Maryland: "A large-caliber fund-raiser"


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cuchulainn
August 27, 2003, 09:23 AM
from the Baltimore Sun

http://www.sunspot.net/news/local/bal-te.md.raffle27aug27,0,149534.story?coll=bal-home-headlinesA large-caliber fund-raiser

By Stephanie Desmon
Sun Staff
Originally published August 27, 2003

JEFFERSON - In Frederick County, four volunteer fire companies have joined together for what is believed to be the largest raffle of its kind in the state: a gun-a-day giveaway for the year 2004.

What might raise a few eyebrows among city folk is increasingly common practice in rural Maryland - and a big money-maker to boot.

For the Jefferson Volunteer Fire Department, which exists mostly on donations, its expected $35,000 share will make this gun raffle the largest fund-raiser the company has ever had, far surpassing the fish fries, pancake breakfasts and all-you-can-eat "feeds" that are standard fare here. It will go toward building new bunk rooms, bathrooms and meeting space atop the firehouse.

"We're a small-time volunteer fire company," said Eddie Lapole, Jefferson's assistant chief. "We're trying to make ends meet."

What makes this unique is its scale. Other nonprofit groups have held smaller gun raffles. But they haven't before offered 366 guns in a year, 2004 being a leap year.

For $30, you can buy one of the Sportsman's Calendars being sold by fire companies in Brunswick, Jefferson, Emmitsburg and Wolfsville. Each of the 10,000 copies has a small red number on the back page - 0000 to 9999. Every day starting Jan. 1, when the Maryland Lottery draws its Pick 4 winner, that number will determine who wins that day's weapon.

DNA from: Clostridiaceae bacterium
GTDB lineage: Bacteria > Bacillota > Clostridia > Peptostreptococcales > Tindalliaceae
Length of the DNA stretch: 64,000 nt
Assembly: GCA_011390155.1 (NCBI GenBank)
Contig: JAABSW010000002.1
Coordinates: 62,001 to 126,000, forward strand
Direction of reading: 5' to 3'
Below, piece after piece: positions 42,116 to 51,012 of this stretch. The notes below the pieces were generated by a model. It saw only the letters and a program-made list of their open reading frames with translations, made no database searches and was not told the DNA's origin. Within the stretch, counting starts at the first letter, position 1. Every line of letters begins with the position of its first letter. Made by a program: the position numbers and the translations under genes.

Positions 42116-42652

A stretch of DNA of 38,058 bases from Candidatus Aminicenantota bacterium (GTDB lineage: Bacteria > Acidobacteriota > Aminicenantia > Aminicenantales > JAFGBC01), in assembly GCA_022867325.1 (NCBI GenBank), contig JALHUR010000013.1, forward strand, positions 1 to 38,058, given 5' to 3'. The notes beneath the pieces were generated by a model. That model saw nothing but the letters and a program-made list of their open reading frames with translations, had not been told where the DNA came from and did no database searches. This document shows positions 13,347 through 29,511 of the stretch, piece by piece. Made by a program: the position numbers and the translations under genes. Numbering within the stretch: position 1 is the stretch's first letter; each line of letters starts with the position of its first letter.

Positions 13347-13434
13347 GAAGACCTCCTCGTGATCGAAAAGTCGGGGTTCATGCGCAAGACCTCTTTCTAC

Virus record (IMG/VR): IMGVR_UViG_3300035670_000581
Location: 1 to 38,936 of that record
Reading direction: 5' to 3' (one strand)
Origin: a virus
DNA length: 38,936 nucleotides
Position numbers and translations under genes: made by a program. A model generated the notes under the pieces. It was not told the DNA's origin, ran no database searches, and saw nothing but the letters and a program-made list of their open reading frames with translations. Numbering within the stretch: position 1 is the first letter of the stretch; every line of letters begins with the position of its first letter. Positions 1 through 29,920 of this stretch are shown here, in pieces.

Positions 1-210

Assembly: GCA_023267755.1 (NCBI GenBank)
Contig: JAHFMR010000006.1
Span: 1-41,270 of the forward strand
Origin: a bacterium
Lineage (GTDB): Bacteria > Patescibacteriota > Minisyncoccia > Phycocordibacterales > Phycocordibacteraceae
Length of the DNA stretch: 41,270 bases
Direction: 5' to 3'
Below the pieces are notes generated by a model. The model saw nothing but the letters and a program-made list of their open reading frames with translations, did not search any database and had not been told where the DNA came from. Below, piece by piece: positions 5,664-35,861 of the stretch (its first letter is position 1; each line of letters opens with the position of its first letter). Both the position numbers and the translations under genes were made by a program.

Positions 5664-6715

No handguns are being given away, just a wide variety of rifles and shotguns for hunting. And to claim the prize, each winner must submit to a standard background check performed by an Emmitsburg gun shop where the guns will be kept. If the winner chooses, a $100 prize can be claimed instead. The guns being purchased by the fire departments are worth significantly more than that.

It's all perfectly legal, say organizers and state officials.

"Everyone took it the wrong way when the word first got out," said David Young, the Brunswick fire company's financial secretary. "It's sportsmen's guns. It's not like they're illegal guns. They're guns for hunters."

When the raffle was announced, a Hagerstown television station ran a piece on it and then took a poll of viewers. As Lapole recalls, he was "tickled" to hear that 79 percent were for it, only 21 percent against.

"There have not been any protests or concerns or letters to the editor," said Wayne Powell, public information officer for the Vigilant Hose Co., Emmitsburg's volunteers. "Guns are just a routine part of life. Any house you walk into in a rural setting, it's more common than not that you'll find guns."

Calendar sales have been brisk. Each company has been charged with selling 2,500, and most report they are well on their way - with four months to go before a .22-caliber Ruger Hornet is given away on New Year's Day.

Lapole tells of a recent phone call from a man who wanted to buy 20 calendars for his friends and family. Lapole thinks they make great Christmas gifts.

"Around here there's a lot of gun enthusiasts and a lot of hunters. They seek us out for the calendars once we advertise," said Tim Clarke, president of the Emmitsburg fire company.

Frederick County Sheriff James W. Hagy said he isn't "the least bit uncomfortable" with the notion of a public safety agency putting 366 more guns into circulation.

This is hunting country, he said. Guns and hunting are part of the fabric of a community fighting to hold onto its rural roots even as growth encroaches from the south and east.

"Guns have gotten such a terrible connotation to them because people think guns are designed just to kill people," Hagy said. "In our county, they're used for sporting purposes or for hunting purposes. If you go back to Cain and Abel they didn't have guns but one killed the other. ...

"There's probably not a lot of good reasons to have guns in the big cities," he said. "Here in the rural counties, it's kind of hard to imagine using the guns except for what they're designed for."

Don't tell that to Leah Barrett, executive director of CeaseFire Maryland, formerly Marylanders Against Handgun Abuse. "We're very worried by this kind of phenomenon," Barrett said of the ever-expanding gun raffles. "Our attitude about all of this is, surely there have to be more intelligent ways to raise money. This country is certainly saturated with guns as it is."